How does it feel when you are thrown in the spotlight with something like an Oscar with The Pianist? Everybody knows who you are but, like you said, you’ve worked for 17 years, you had your filmography already. Does that feel weird? Like, “Hey guys, I was here before.”
Adrien Brody: It’s not weird in the sense that I don’t feel like you should’ve known who I was at all. I get that. I went into this profession with nobody in the business and no real expectation that it would be an easy ride. I knew that I was very passionate about it, I knew that there was nothing else I could do as well that I gravitated to as much and that suited my personality in a way. And I just worked at it. I tried to nurture it and I at least had a clear path through all the adolescent years where we all are trying to figure out who the f– we are. Right?
And I’m mentally grateful for that, that I wasn’t famous too early because this journey and my journey and my solidifying my own self-awareness came from my maturity that I had gained from my life experiences prior to that. And lessons I learned even on The Pianist, which came 2 years prior to that. So the timing was just enough for me to not fall victim to getting lost in that.
And part of what this journey was about was to make sure that I didn’t, to retreat from that, have a balance. And kind of fall back, I guess, into a degree of that anonymity, to just be a man working on my house with a truck and work with the locals and do these things that I like. Get your hands dirty and there’s something beautiful, there’s something so beautiful about it.
All the other complications are a drag and I wish I didn’t put myself through all that, but they built me… they made me stronger.
This whole thing has further made me realize that the material possession at the end of the day is really not what is so valuable to me. It’s a state of mind of saying, “I want this sense of home that is fleeting. And how do I help solidify that in me in my nomadic existence?” Part of it maybe is to have this in my mind that I’ve done this or that I have this place to go to with friends and my loved ones. And had I not done it I would’ve always longed for this. But now that I’ve done it I feel like a simpler path is probably better, in that sense.
And it’s reinvigorated my aspirations to be more hands on creatively as a producer, as a director. I’ve matured a bit in this process and I’ve become a bit more confident with my own voice and in the right way, in the sense that I feel that a lifetime of work in this business aids the production, helps the trajectory live up to the expectations that I set out on in the first place. And I’ve unfortunately been down the road of movies with people who were far less experienced and it veers off course. And I’d like to have a voice in that, I’d like to help steer the ship.
There’s a line in the movie where you said, “As an actor, this would not have prepared me for anything. Maybe as a director.” Like, you were there and the camera just happened to be there.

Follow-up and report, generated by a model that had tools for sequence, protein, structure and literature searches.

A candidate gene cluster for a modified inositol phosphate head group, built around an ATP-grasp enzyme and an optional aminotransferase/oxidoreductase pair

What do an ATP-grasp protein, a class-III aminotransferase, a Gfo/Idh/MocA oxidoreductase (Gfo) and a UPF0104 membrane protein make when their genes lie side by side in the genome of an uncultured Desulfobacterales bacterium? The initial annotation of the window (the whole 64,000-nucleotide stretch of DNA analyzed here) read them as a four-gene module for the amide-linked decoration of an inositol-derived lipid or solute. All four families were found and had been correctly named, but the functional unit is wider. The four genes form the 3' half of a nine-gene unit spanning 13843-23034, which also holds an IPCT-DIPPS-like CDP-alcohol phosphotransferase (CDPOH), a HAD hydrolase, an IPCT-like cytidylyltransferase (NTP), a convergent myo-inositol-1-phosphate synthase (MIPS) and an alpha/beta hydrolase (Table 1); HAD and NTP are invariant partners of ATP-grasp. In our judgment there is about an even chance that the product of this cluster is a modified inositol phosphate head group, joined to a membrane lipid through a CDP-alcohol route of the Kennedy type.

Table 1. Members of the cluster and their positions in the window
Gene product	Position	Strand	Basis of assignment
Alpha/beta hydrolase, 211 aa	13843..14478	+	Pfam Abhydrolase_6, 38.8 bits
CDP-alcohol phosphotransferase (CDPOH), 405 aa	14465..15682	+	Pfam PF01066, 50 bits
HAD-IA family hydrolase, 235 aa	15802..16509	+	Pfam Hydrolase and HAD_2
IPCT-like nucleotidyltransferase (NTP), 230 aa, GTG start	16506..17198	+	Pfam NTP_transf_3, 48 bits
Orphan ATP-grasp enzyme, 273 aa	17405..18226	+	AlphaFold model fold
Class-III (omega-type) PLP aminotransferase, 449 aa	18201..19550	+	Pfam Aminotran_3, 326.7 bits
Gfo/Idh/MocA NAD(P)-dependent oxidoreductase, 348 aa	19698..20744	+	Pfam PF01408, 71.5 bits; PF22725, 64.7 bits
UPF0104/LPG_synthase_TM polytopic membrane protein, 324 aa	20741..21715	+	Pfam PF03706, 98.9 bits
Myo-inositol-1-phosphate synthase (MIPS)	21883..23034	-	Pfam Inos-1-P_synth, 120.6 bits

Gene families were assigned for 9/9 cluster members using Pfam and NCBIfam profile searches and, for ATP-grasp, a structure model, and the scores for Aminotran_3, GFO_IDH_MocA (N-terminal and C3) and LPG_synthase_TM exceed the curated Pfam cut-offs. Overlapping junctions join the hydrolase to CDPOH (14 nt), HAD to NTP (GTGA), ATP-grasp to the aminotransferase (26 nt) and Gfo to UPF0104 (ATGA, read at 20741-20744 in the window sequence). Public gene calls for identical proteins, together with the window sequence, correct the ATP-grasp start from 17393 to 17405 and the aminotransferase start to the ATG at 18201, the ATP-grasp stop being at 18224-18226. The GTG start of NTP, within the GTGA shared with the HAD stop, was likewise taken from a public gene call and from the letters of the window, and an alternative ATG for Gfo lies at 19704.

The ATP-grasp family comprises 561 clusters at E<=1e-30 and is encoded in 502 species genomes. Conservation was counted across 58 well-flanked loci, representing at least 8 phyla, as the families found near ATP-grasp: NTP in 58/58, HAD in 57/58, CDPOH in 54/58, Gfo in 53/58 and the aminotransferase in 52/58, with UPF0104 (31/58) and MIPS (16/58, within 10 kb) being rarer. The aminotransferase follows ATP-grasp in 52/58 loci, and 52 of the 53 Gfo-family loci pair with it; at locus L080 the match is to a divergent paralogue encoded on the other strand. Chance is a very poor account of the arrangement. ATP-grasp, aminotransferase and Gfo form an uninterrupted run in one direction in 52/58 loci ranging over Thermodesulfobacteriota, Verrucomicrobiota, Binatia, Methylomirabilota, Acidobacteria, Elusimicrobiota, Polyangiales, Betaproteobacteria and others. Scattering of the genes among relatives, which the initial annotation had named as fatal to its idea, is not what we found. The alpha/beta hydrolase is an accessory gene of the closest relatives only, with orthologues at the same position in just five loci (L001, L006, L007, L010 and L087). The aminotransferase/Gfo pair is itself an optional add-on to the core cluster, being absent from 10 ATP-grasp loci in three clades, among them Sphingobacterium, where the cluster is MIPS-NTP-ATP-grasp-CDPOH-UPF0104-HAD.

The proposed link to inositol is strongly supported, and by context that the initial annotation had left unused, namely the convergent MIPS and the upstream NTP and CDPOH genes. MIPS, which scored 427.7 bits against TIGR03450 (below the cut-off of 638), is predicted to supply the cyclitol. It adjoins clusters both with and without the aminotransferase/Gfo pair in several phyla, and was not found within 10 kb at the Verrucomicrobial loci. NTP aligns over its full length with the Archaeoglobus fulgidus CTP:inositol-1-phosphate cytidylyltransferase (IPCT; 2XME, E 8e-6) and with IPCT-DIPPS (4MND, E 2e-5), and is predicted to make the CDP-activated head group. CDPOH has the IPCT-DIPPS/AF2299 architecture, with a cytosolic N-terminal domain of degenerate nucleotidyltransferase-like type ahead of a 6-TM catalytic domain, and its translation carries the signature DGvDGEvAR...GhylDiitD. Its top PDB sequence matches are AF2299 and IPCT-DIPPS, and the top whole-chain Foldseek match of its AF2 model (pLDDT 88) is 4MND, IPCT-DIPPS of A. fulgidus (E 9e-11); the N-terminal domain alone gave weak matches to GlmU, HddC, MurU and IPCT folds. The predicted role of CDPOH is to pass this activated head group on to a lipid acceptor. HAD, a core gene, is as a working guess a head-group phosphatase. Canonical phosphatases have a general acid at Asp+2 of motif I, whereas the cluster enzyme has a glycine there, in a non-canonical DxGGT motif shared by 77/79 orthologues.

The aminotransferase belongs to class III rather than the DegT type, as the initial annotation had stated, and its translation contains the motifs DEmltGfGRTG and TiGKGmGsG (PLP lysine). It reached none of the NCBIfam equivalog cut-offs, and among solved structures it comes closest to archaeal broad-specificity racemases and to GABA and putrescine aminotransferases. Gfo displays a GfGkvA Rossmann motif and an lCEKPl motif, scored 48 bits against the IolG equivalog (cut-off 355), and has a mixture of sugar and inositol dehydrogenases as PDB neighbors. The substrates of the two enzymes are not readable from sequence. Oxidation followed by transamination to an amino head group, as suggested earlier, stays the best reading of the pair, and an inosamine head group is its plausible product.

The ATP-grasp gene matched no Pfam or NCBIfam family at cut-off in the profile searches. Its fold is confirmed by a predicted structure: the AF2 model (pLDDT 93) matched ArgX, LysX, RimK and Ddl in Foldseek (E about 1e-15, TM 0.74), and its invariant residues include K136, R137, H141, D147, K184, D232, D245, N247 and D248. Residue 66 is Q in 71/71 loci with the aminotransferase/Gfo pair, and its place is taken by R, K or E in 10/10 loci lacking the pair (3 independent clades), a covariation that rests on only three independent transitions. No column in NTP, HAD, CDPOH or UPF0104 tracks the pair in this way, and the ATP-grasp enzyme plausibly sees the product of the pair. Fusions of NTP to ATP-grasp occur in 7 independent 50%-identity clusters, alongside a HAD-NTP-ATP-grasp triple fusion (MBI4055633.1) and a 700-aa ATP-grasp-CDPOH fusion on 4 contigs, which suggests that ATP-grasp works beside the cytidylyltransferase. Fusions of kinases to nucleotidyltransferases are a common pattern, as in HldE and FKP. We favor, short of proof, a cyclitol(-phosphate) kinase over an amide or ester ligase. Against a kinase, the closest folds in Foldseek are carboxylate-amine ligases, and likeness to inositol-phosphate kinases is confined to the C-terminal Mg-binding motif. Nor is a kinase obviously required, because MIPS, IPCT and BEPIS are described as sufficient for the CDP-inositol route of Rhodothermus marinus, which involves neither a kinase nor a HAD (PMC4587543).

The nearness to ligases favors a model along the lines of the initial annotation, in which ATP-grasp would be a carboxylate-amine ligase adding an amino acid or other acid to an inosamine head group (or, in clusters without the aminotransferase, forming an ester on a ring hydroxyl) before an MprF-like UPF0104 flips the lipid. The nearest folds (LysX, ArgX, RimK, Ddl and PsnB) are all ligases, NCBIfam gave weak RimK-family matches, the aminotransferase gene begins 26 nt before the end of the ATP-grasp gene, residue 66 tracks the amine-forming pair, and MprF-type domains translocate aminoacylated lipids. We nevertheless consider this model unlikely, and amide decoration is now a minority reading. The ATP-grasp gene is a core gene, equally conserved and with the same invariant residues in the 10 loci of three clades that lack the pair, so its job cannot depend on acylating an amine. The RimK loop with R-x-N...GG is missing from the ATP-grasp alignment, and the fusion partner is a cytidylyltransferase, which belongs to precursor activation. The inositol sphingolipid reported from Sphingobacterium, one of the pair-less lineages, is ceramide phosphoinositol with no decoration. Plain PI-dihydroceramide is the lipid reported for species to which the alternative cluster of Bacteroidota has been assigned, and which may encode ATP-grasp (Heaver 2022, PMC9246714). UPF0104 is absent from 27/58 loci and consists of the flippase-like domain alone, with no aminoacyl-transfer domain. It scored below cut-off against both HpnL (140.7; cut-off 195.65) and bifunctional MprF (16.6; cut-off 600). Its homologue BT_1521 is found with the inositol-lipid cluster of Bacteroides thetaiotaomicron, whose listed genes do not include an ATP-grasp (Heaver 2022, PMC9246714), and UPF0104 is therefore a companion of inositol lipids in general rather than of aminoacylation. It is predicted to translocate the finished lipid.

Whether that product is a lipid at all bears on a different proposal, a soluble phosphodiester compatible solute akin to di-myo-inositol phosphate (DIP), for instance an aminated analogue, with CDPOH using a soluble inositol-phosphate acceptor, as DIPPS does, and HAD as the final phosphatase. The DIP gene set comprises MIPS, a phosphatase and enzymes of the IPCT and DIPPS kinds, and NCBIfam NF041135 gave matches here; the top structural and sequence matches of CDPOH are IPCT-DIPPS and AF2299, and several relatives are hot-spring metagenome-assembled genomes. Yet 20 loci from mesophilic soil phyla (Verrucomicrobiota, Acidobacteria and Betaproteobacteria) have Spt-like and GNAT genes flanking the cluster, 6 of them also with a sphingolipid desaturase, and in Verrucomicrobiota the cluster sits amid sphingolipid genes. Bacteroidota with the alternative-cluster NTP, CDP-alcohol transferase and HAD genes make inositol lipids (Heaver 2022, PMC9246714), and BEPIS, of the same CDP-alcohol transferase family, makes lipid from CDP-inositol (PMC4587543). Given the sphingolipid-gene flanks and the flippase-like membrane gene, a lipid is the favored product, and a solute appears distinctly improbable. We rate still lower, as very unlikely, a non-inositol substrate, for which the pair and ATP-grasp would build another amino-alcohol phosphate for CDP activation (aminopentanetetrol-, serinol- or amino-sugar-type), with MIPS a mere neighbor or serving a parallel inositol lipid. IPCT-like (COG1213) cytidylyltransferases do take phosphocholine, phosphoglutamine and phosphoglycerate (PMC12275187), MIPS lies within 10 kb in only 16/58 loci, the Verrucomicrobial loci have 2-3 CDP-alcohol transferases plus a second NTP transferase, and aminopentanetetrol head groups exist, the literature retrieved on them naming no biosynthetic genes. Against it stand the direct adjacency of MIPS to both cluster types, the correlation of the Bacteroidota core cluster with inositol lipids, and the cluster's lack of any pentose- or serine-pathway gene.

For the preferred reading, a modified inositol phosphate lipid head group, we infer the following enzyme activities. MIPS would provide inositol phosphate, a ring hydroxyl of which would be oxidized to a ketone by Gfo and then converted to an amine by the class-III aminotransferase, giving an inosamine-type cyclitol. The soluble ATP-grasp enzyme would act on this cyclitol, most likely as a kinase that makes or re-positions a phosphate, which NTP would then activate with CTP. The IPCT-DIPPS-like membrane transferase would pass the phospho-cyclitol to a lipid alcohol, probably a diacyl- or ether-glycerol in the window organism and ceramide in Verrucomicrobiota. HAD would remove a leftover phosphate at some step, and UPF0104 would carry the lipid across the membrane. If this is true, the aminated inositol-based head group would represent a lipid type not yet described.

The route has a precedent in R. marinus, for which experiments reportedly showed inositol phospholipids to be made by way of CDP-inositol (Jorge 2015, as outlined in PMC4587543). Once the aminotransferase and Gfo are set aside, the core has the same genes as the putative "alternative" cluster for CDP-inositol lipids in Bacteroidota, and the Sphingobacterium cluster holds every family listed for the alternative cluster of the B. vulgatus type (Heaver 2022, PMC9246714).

Adrien Brody: That’s the beautiful thing of having a friend like Kevin who has the right sensibilities and also someone to confide in along this journey.
It’s a similar thing to acting. I have to limit who’s in my eyeline, what’s going on in an effort to be as intimate as possible with the person I’m interacting. And all the while knowing that that’s gonna be for the rest of the world to see, that vulnerability, that quality that’s not necessarily desirable. But real.
It was almost a way to come to terms with what’s going on all the time and voice it and question it and have Kevin there, you know?
I’m very bad at making notes or I’ll have an idea but I won’t distill it as well as if I’m just rambling on. Even telling you, philosophizing about how and why I make a choice or where I would like things to go in a career perspective, I don’t sit around and analyze it as much. And so it’s interesting to put them into words and then to even play it back for myself, to see how I’ve changed and where that resonates and how truthful that is and how universal it is. How anybody can relate to it.
And just trying to keep my head above water and trying to keep a sense of humor about this thing because it’s so f–ing crazy that it’s funny. It’s horrible in the moment, but it’s hilarious. It’s kind of Fantasia, watching me bailing water out. You missed plenty of other times that I was up there alone in the other house and it was coming up, there’s a subterranean well and that overflowed and so we fixed all of the leaks and we fixed them and it’s still coming up and nobody knows why it’s coming up. It’s coming up from a cistern that’s flowing in through the underground well. And I’m like, “Holy s–, nobody looked at that?” So we had to put a submersible pump in that in case that overflowed, because the ground water filled. There was so much coming out of the ground.
Do you think everybody needs to experience hard labor?
Adrien Brody: I think you should have an understanding of, yeah, what’s involved. The hard life it is for someone who works physically their whole life and the limitations you have and as you get older how much more hard that is on your body. I think that’s something to be conscious of and to be grateful that you’re not doing it and to be respectful of the people that do break their back for their work. I think that is very important to know. I kinda grew up in a working class neighborhood, so I know people that worked hard out of necessity anyway.
But acting is hard work. Making films is really hard work. And it is at times backbreaking and it is very physically demanding. The shifts that you do, it’s just different. I think reality, having a reality check all the time and doing physical labor and witnessing the result of that is very good. It’s harder to understand the results of your work as an actor in a way, but watching a stone facade become reinforced and made perfect and brought back to life and integrating some other panel into something… you see the achievement.